There’s more? You bet! The Sexual Objects were on next, at the Fruit Stand stage, Davy having discarded the smart wheat-coloured leather overcoat he wore for Jesus, Baby! and strapped on his beloved (I presume – he’s got to love that thing) red-and-white Jazzmaster guitar. Before they started, he kept asking the sound man to turn up the monitors, saying ‘as far as they’ll go. Just turn it up until it really hurts’. That’s probably sweeter if you bear in mind that it was very small stage, with a small vocal PA. They sounded great though: crunchy, wild and controlled. Davy marshalling his troops was a bit like the way the leader of Machines in Heaven did it, actually – imperious. This was a set of mostly Cucumber material, which has been well honed by now, but there were still areas for messing about and improvising within the structure – like the breakdown of ‘Merrie England’, which I’m guessing is never the same twice. So, you know, ‘Here Come the Rubber Cops’, ‘Full Penetration’, all that lot. There was a new song, less up-against-the-giant-amplifier than the rest (will we see a mellower second LP, or was that misleading?) They thought they’d finished, when a woman with dreadlocks came up with a great way of demanding an encore: ‘That’s sad. Nobody wants that.’ So they did a few more songs. ‘Don’t make it sloppy!’ Davy instructed his band. And they didn’t.

Clinic were headliners on the Jabberwocky stage. I think I last heard of them in 2001, when Walking With Thee came out, but actually they’ve done loads of records since then. I was never that attached to Clinic, for some reason. Internal Wrangler was a fun record, and one buzzing with a certain fast tempo. When they slowed their songs down for the second album, I couldn’t see the point. Their set yesterday was very good, and in fact the Walking With Thee tempo seems to be the one they stuck with, both for drum and drum machine songs. The drum songs had a motorik feel, the drum machine ones zipped along on even more relentless beats. There was plenty of energy, and the crowd loved it, getting closer to a moshpit than we’d seen all day. By the end, though, I still wasn’t that attached to Clinic, though I enjoyed the Internal Wrangler songs they encored with. I get the feeling there’s something I’m missing.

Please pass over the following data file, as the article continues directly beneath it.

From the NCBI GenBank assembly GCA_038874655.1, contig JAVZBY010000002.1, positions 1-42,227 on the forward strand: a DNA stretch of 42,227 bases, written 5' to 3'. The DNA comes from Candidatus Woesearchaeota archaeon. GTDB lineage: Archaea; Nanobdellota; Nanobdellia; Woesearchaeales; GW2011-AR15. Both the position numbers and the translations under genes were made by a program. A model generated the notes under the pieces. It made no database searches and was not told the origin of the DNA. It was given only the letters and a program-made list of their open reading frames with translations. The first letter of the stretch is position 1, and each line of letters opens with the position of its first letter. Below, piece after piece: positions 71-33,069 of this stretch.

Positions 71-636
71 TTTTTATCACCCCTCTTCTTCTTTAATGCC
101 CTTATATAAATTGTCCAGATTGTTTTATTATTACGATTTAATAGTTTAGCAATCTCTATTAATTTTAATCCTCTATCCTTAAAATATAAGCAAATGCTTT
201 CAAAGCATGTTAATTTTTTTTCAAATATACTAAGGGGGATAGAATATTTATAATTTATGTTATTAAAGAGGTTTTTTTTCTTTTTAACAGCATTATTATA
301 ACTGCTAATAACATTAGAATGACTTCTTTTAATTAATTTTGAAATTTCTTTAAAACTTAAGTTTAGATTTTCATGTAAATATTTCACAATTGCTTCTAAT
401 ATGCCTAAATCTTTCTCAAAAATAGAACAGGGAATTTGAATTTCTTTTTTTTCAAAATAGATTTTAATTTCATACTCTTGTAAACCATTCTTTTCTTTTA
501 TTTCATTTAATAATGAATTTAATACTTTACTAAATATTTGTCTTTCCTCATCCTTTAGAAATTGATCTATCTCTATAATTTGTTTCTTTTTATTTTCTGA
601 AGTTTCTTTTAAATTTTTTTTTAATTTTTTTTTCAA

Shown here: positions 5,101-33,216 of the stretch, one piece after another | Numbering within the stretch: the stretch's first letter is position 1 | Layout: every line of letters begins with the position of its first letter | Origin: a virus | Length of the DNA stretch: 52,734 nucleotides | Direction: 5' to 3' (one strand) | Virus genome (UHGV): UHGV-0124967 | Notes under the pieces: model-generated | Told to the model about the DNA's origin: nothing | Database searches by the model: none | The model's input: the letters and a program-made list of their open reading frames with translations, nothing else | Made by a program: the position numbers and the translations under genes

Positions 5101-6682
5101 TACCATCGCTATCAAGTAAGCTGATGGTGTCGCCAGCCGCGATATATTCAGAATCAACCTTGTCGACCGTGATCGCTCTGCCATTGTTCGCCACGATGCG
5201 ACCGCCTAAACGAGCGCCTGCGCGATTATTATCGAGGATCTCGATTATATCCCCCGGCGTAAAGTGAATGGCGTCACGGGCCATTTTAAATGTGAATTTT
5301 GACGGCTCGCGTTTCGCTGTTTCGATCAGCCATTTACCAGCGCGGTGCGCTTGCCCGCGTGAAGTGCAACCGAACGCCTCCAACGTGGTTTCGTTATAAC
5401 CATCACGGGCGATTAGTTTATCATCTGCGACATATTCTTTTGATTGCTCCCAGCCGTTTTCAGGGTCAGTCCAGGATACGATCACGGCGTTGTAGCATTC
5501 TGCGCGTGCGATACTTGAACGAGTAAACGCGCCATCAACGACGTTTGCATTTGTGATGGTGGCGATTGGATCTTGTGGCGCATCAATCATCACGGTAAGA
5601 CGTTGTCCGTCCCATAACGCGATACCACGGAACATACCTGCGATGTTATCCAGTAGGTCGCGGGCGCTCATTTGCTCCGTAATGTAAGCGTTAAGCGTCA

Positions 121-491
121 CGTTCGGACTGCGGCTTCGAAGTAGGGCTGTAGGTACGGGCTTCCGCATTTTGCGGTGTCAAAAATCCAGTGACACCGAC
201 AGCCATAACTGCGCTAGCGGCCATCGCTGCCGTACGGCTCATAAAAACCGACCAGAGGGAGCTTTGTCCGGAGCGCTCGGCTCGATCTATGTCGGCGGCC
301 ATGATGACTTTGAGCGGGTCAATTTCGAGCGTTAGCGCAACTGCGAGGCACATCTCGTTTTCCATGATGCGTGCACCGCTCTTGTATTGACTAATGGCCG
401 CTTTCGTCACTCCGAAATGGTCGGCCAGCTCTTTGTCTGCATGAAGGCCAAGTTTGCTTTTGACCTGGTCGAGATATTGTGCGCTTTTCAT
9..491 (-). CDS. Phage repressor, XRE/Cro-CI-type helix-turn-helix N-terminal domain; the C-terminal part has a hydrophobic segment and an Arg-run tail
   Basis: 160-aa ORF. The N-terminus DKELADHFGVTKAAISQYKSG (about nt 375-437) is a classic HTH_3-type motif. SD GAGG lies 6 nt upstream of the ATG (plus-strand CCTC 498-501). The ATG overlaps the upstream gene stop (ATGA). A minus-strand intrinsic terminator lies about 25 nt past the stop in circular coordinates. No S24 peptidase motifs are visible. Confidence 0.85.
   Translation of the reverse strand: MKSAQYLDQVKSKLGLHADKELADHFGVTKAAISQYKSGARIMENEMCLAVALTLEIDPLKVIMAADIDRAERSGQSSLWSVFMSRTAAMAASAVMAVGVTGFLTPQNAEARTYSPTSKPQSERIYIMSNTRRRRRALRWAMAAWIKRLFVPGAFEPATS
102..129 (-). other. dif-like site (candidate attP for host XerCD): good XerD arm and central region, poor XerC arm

Not with Rozi Plain, though. She began by reassuring us that whatever pitch of excitement we’d been wound to by the other bands, she and her band were there to wind us right down again. I had forgotten how funny she is live. Funny peculiar and funny ha ha. The band sounded beautiful, particularly the drums, sculpting out spaces for Rozi’s reverb-heavy guitar to hang in. Her delivery is so relaxed, it’s hard not to get drawn in. Someone kept shouting for ‘Humans’. ‘We will play “Humans” at some point,’ was her response at first. Straight after they did play it the woman shouted for it again. ‘Now we’re going to play “Humans” again’, said Rozi, deadpan, before playing something else. Two or three requests for the same song from the same person later someone else shouted, ‘Shut up, Charlotte!’, and Rozi chimed in, with an emphatic shake of the head, ‘Yes, shut up, Charlotte!’ Still good-natured, remarkably. Nothing could break that spell. And ‘Humans’ was great when it came. I was humming it all the way to the car.